We used naive and Ag-differentiated CD8+ T cells derived from mice expressing a transgenic, H-2Kd-restricted TCR (8.3-TCR) (23, 27). We chose IFN-γ secretion as a readout for the experiments described herein because, unlike proliferation, IL-2 secretion or CD25 up-regulation, its magnitude does not change much with T cell differentiation. For example, the proliferative activity of differentiated 8.3-CD8+ T cells, unlike their IFN-γ secretory capacity, is at least an order of magnitude lower than that of their naive precursors, and differentiated 8.3-CD8+ T cells, unlike their naive counterparts, produce negligible levels of IL-2 and already express high levels of CD25 before restimulation (data not shown). Whereas NRP-A7, a strong agonist peptide, was able to elicit substantial IFN-γ secretion by both naive and differentiated 8.3-CD8+ T cells, two different weak agonists (NAT-32 and NRP-E6) could only induce significant IFN-γ production by differentiated 8.3-CD8+ T cells, even at 5-fold higher concentrations of peptide (Fig. 1,A). As expected, both peptides also failed to elicit the proliferation of naive 8.3-CD8+ T cells (Fig. 1,B) or the up-regulation of CD25 on the T cells’ surface (data not shown). Neither TUM (a H-2Kd-binding negative control peptide) nor NRP-A4 (an antagonist) elicited IFN-γ secretion by either cell type (Fig. 1 A). Experiments using 8.3-CD8+ T cells maturing in two different genetic backgrounds (8.3-NOD and 8.3-B10.H2g7) produced similar outcomes (data not shown).

FIGURE 1.

Agonistic properties and binding avidities of strong and weak pMHC agonists. A, Secretion of IFN-γ in response to peptide-pulsed (1 or 5 μM) DCs. Data are representative of three different experiments. B, Proliferation of naive 8.3-CD8+ T cells in response to peptide-pulsed (1 or 5 μM) DCs. C, Reactivity of naive and differentiated 8.3-CD8+ T cells to control (TUM), strong agonist (NRP-A7), and weak agonist (NAT-32 and NRP-E6) pMHC tetramers. Values correspond to the percentage of cells binding to the corresponding tetramers. The corresponding mean fluorescence intensity (MFI) values are: 996, 174, and 617 for naive T cells; and 1095, 297, and 231 for differentiated T cells. Data are representative of two to five experiments (for naive and differentiated T cells, respectively). D, Kd values of tetramer binding to differentiated 8.3-CD8+ T cells. Data correspond to average ± SEM of three experiments (12 ± 0.2, 163.1 ± 1, and 25.7 ± 1, respectively). Values of p were obtained with the Mann-Whitney U test. E, Secretion of IFN-γ in response to pMHC tetramers (5 μg/ml) in the absence of APCs. F, Proliferation of CFSE-labeled naive 8.3-CD8+ cells in peripheral lymphoid organs of host mice in response to 100 μg of TUM (neg. control), NRP-A7, or NAT-32 given via the footpad. Hosts were transfused with CFSE-labeled 8.3-CD8+ cells, treated with peptide 24 h later and examined for T cell proliferation on day 3. POLN, Popliteal lymph nodes; MLN, mesenteric lymph nodes; PLN, pancreatic lymph nodes. Values shown correspond to the percentage of proliferating cells within the CFSE+ gate. The data are representative of two experiments.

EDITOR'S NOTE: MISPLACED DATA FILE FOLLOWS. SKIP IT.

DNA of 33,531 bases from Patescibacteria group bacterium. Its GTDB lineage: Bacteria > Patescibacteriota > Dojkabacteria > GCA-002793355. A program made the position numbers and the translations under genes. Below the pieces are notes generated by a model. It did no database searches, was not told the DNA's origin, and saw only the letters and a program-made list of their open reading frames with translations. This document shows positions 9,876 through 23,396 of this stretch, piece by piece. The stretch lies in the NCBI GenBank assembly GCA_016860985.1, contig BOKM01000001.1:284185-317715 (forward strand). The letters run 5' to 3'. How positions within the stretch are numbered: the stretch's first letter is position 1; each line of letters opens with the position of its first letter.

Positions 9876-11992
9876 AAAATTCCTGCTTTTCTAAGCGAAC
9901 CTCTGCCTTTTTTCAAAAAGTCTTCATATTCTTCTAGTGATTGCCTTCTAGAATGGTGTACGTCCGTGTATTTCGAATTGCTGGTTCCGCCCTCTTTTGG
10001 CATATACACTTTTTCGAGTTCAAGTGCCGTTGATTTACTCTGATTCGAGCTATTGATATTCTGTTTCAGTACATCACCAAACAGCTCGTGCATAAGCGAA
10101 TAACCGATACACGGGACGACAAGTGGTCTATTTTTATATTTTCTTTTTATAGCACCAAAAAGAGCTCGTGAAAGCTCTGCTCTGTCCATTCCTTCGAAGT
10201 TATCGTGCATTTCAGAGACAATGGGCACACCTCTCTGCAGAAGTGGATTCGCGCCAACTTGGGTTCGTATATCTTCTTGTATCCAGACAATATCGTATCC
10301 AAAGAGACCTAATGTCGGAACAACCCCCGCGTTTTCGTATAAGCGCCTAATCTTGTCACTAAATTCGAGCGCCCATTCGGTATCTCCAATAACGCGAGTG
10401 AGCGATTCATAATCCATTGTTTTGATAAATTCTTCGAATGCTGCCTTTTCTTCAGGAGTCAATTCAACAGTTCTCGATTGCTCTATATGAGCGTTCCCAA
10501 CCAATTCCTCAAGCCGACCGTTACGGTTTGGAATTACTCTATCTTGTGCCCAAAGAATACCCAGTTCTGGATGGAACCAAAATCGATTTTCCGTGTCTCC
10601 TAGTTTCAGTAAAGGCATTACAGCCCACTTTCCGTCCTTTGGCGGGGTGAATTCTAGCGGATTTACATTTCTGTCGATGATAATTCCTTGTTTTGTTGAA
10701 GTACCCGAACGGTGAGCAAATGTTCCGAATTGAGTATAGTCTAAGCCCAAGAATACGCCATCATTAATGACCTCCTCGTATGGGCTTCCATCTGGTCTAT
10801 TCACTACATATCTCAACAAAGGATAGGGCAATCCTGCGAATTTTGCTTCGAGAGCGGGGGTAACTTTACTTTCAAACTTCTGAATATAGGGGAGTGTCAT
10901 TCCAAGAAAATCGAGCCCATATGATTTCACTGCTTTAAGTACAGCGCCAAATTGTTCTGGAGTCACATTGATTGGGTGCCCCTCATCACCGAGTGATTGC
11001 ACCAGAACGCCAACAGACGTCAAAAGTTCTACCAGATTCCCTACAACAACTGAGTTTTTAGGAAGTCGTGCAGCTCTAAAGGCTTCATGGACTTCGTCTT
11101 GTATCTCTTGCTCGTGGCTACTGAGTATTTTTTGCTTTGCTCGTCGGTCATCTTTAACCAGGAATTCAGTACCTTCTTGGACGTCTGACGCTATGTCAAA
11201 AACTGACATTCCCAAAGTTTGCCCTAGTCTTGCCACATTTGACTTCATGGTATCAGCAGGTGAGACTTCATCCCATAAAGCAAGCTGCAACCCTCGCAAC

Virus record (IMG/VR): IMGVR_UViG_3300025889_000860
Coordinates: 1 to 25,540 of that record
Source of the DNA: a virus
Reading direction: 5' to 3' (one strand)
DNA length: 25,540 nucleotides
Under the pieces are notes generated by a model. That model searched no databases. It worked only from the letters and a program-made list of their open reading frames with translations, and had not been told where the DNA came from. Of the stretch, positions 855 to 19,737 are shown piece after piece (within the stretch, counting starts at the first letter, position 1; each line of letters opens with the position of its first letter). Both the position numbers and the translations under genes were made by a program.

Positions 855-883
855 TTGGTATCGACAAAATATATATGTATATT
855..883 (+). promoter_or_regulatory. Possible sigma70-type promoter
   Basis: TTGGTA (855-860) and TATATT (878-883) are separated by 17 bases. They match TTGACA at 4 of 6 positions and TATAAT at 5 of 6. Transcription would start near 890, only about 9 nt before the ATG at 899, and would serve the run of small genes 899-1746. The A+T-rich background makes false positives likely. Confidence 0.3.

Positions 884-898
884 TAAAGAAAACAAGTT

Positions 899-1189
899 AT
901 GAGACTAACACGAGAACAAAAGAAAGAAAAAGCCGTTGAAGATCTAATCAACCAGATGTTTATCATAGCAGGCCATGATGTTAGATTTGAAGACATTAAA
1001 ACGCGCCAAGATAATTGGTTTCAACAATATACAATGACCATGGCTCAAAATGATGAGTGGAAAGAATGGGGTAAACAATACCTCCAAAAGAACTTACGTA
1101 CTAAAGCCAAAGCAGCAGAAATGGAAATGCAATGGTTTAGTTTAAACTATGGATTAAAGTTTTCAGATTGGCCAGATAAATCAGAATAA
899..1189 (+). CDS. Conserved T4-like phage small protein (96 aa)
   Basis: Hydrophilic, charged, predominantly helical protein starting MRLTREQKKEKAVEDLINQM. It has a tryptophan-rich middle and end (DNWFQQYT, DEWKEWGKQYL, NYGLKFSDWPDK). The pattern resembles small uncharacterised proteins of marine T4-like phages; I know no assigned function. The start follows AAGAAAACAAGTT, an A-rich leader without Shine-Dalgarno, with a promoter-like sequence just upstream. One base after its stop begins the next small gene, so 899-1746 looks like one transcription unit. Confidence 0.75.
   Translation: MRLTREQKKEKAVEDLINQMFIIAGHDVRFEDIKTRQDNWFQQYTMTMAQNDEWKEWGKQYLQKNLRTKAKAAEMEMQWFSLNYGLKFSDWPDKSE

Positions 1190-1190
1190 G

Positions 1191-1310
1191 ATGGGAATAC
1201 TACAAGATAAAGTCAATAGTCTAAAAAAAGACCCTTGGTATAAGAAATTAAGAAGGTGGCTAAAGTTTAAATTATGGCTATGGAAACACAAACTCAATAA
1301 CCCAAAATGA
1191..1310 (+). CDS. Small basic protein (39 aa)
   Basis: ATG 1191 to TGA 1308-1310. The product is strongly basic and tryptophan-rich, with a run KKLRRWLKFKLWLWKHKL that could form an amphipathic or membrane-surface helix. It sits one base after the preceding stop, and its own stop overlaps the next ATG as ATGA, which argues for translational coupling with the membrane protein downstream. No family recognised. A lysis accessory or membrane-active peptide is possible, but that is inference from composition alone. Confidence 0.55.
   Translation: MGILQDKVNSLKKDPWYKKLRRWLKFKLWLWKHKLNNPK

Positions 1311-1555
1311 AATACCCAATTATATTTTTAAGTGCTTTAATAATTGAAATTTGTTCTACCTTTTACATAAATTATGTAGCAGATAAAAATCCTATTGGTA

FIGURE 1.

Agonistic properties and binding avidities of strong and weak pMHC agonists. A, Secretion of IFN-γ in response to peptide-pulsed (1 or 5 μM) DCs. Data are representative of three different experiments. B, Proliferation of naive 8.3-CD8+ T cells in response to peptide-pulsed (1 or 5 μM) DCs. C, Reactivity of naive and differentiated 8.3-CD8+ T cells to control (TUM), strong agonist (NRP-A7), and weak agonist (NAT-32 and NRP-E6) pMHC tetramers. Values correspond to the percentage of cells binding to the corresponding tetramers. The corresponding mean fluorescence intensity (MFI) values are: 996, 174, and 617 for naive T cells; and 1095, 297, and 231 for differentiated T cells. Data are representative of two to five experiments (for naive and differentiated T cells, respectively). D, Kd values of tetramer binding to differentiated 8.3-CD8+ T cells. Data correspond to average ± SEM of three experiments (12 ± 0.2, 163.1 ± 1, and 25.7 ± 1, respectively). Values of p were obtained with the Mann-Whitney U test. E, Secretion of IFN-γ in response to pMHC tetramers (5 μg/ml) in the absence of APCs. F, Proliferation of CFSE-labeled naive 8.3-CD8+ cells in peripheral lymphoid organs of host mice in response to 100 μg of TUM (neg. control), NRP-A7, or NAT-32 given via the footpad. Hosts were transfused with CFSE-labeled 8.3-CD8+ cells, treated with peptide 24 h later and examined for T cell proliferation on day 3. POLN, Popliteal lymph nodes; MLN, mesenteric lymph nodes; PLN, pancreatic lymph nodes. Values shown correspond to the percentage of proliferating cells within the CFSE+ gate. The data are representative of two experiments.